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The Cryptocurrency that Dare Not Speak Its Name

The Federal Reserve appears to have looked at Bitcoin as a potential set of rails for real-time payments in the banking system but shelved the concept for now.

The agency's white paper on improving the payments system, released Monday, coins a new euphemism for Internet cryptocurrencies (of which Bitcoin is by far the best known): "Digital Value Transfer Vehicles." These are defined as "decentralized digital stores of value that can be exchanged."

One such transfer vehicle, which goes unnamed in the paper, "was not considered a sufficiently mature technology at this time, but was identified for further exploration and monitoring given significant interest in the marketplace," the Fed said. Of the hundreds of cryptocurrencies that have sprouted up in the last few years, we're pretty sure the Fed is not referring to HoboNickels or PhilosopherStone.

However, the white paper acknowledges similarities between the Cryptocurrency That Dare Not Speak Its Name and one of the design options that the Fed deemed worthy of closer consideration.

Like Bitcoin, this option would take advantage of the distributed architecture of the Internet to facilitate direct messaging between parties at a lower cost than a hub-and-spoke model would. Distributed networks, first envisioned by the computer scientist Paul Baran in a 1964 paper, are "the ultimate form of decentralization," write Wall Street Journal reporters Paul Vigna and Michael J. Casey in their forthcoming book "The Age of Cryptocurrency." "No single entity anywhere has control over the system, which means it has no vulnerable point of attack."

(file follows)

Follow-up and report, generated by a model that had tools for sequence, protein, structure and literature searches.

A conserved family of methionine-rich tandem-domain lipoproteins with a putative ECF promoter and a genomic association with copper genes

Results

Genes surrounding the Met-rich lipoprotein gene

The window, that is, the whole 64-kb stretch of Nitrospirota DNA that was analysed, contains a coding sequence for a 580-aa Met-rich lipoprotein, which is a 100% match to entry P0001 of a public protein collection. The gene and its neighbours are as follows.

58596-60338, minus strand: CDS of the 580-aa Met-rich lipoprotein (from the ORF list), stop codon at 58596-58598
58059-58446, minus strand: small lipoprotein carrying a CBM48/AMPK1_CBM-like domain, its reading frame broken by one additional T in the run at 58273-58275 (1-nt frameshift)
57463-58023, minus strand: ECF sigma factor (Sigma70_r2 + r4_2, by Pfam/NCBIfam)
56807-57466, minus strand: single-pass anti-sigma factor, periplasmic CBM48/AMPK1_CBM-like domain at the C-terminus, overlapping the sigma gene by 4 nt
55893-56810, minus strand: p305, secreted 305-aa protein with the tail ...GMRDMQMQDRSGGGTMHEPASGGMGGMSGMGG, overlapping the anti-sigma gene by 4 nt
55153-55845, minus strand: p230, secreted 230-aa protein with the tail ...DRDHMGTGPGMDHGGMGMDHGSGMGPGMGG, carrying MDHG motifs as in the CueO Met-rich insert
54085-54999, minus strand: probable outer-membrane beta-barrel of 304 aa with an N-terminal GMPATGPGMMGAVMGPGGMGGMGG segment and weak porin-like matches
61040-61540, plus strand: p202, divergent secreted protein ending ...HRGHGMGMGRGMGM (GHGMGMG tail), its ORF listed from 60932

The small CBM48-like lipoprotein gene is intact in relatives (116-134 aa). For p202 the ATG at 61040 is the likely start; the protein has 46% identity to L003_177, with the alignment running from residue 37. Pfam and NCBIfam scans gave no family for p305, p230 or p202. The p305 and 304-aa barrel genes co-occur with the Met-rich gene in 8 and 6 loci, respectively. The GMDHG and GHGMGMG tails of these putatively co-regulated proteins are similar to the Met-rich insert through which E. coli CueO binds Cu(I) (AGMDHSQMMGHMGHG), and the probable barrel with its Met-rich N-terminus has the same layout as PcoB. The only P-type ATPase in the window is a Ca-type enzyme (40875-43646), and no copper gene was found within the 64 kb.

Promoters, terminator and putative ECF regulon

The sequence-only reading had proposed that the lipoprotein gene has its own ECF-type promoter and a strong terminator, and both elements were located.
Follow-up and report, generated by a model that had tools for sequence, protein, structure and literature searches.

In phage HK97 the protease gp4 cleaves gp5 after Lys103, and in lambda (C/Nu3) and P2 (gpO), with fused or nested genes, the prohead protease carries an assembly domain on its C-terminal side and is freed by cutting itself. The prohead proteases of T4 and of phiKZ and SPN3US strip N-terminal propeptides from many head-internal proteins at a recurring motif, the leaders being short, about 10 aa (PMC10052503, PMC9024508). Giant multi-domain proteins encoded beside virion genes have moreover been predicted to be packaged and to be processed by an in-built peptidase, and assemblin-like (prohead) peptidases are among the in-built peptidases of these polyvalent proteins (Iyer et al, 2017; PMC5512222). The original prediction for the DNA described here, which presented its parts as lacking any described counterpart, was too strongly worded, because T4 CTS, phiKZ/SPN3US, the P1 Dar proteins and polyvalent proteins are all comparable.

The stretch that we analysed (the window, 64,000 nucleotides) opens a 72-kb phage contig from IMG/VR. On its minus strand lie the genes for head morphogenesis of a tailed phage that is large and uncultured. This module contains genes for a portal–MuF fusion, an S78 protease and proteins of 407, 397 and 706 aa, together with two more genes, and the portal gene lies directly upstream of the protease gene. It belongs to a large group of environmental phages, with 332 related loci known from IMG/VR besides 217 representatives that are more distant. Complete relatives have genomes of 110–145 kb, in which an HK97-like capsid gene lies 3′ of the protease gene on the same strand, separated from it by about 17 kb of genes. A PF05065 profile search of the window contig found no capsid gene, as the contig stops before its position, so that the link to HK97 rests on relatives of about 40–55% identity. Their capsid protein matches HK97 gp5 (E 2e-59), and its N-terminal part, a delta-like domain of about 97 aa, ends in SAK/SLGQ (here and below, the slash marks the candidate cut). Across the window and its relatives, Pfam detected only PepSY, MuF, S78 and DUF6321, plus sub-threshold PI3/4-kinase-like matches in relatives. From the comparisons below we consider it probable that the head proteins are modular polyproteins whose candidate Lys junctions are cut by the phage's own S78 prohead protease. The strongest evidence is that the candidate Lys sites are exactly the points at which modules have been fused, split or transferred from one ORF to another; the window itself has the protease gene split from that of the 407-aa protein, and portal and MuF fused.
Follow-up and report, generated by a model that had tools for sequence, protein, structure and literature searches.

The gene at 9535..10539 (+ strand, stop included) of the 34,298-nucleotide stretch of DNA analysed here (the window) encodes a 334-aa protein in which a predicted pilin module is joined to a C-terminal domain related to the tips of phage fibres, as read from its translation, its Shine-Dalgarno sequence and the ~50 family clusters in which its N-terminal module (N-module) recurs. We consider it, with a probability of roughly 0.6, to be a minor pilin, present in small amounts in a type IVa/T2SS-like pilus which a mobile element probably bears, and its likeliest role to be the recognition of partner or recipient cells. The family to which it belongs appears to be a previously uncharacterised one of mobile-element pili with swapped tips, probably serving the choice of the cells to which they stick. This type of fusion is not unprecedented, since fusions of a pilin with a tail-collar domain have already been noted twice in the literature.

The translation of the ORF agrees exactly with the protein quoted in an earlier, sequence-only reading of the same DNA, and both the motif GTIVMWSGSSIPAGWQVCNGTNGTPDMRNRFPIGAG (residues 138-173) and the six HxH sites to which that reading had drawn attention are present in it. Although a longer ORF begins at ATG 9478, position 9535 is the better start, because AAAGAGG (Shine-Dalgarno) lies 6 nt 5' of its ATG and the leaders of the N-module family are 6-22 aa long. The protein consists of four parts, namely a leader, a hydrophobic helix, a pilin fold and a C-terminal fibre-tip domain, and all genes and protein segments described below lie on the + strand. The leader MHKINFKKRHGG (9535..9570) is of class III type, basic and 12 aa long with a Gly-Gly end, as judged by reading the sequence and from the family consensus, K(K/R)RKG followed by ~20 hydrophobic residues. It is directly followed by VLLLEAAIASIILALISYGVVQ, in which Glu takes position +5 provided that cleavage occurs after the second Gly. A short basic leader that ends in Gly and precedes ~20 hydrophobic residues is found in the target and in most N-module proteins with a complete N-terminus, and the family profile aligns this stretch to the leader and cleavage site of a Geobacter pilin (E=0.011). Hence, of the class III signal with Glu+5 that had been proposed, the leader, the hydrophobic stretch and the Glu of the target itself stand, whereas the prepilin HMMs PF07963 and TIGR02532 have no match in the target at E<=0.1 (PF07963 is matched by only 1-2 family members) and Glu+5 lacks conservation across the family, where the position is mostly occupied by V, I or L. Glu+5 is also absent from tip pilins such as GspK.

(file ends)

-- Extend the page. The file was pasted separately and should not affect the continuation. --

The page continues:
Unlike Bitcoin, however, the parties in the Fed's Option 2 would be financial institutions, not individual users (and the Fed notably uses the term "point-to-point" instead of "peer-to-peer"). And very much unlike Bitcoin, which relies on a distributed public ledger known as the blockchain, Option 2 calls for a central ledger and a central authority to set the rules.

During a conference call with reporters Monday, Fed staffers were asked why the paper made no mention of Bitcoin. They responded by saying that they plan to monitor developments with digital currency, and that later, as those technologies mature, regulators will possibly have a different strategy.

It's understandable why the Fed might be reticent to wholeheartedly embrace Bitcoin's distributed model, and not only because of the currency's association with black markets. As Vigna and Casey write,

Without a CEO in charge of the currency or anyone to subpoena, how do you control the bitcoin economy? The law is designed to deal with centralized institutions in which identifiable managers are deemed responsible for an organization's conduct.

More on the Fed's white paper here.

Marc Hochstein is the editor in chief of American Banker. The views expressed are his own. He owns some bitcoins, but he owns a lot more U.S. dollars.




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